"We drink too much, smoke too much, spend too recklessly, laugh too little, drive too fast, get angry too quickly, stay up too late, get up too tired, read too seldom, watch TV too much, and pray too seldom. We have multiplied our possessions, but reduced our values. We talk too much, love too seldom, and hate too often. We have learned how to make a living, but not a life; we have added years to life, not life to years."
Personal View: ‘Made In China’ Causes Huge Dismay Only In The Case of Olympic Uniforms?
photo belongs to Ralph Lauren/AP Photo
By: Ayanna Michelle
A couple of days ago, the media broke the “shocking” story of the U.S. Olympic uniforms, designed by Ralph Lauren being made in China. Americans, Congress members included, expressed outrage, dismay and comments like “What were they thinking?”. What, indeed. “No shit” I said to myself as I watched the Good Morning America anchors revealing the billion dollars that could have been kept in the country and the countless jobs it could have created. They nodded in agreement with the negative comments about the incident and spoke in disapproving tones. I sat on my bed, shaking my head at the display that was on my television screen.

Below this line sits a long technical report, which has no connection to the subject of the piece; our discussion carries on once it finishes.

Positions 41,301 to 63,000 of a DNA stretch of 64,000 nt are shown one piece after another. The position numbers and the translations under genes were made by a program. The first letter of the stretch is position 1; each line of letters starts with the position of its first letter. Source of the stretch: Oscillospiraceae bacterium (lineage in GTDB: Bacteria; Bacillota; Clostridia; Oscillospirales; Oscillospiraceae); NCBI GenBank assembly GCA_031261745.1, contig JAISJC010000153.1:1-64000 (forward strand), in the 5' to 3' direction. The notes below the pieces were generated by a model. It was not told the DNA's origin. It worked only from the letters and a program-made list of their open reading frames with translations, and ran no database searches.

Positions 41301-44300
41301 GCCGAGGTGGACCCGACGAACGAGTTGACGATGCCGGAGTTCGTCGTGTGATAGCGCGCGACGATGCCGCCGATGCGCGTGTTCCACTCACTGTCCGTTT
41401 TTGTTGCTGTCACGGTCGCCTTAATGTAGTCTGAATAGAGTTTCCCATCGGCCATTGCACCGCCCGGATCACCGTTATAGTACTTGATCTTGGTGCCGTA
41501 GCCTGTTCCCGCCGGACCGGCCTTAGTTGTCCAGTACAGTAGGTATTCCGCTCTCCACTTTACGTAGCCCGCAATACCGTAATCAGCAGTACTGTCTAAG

How dare they? How could the classic all-American brand, Ralph Lauren send our Olympic competitors over to the U.K. in garb made in China? It’s an outrage! A scandal!
Yes. Quite. My initial reaction? Amusement. The American people are something else, I thought to myself. Why would a company who manufactures all of their products in a foreign country simply for the sake of greed suddenly be compelled to, as Spike Lee would have so eloquently put it, do the right thing?
I personally have never been drawn to Ralph Lauren apparel (except the childrens wear, which I do find charming and have purchased a few items for my little ones before my pledge to to chic conservation). However, as a student and lover of fashion, I do understand the mass appeal. What I don’t understand is the blatant disregard the brand, and many others like it, have for humanity and environmental well-being.
More-over, I don’t understand why more people don’t care and aren’t upset about a company’s practices until it’s time for us to send a bunch of people overseas to compete for a gold medal. And as far as Congress is concerned, as people in positions of power; educated, dignified, upstanding citizens that they are, why aren’t they doing anything within their power to change things?
I suppose it doesn’t too much matter until we’re in danger of being embarrassed. Now that’s the American way.
"Being a feminist doesn’t mean suddenly no longer liking problematic things. If you stopped liking everything that was sexist in media and entertainment there would be no media or entertainment left. Being a feminist, to me, is being aware of what it is you’re liking, and of its problematic aspects."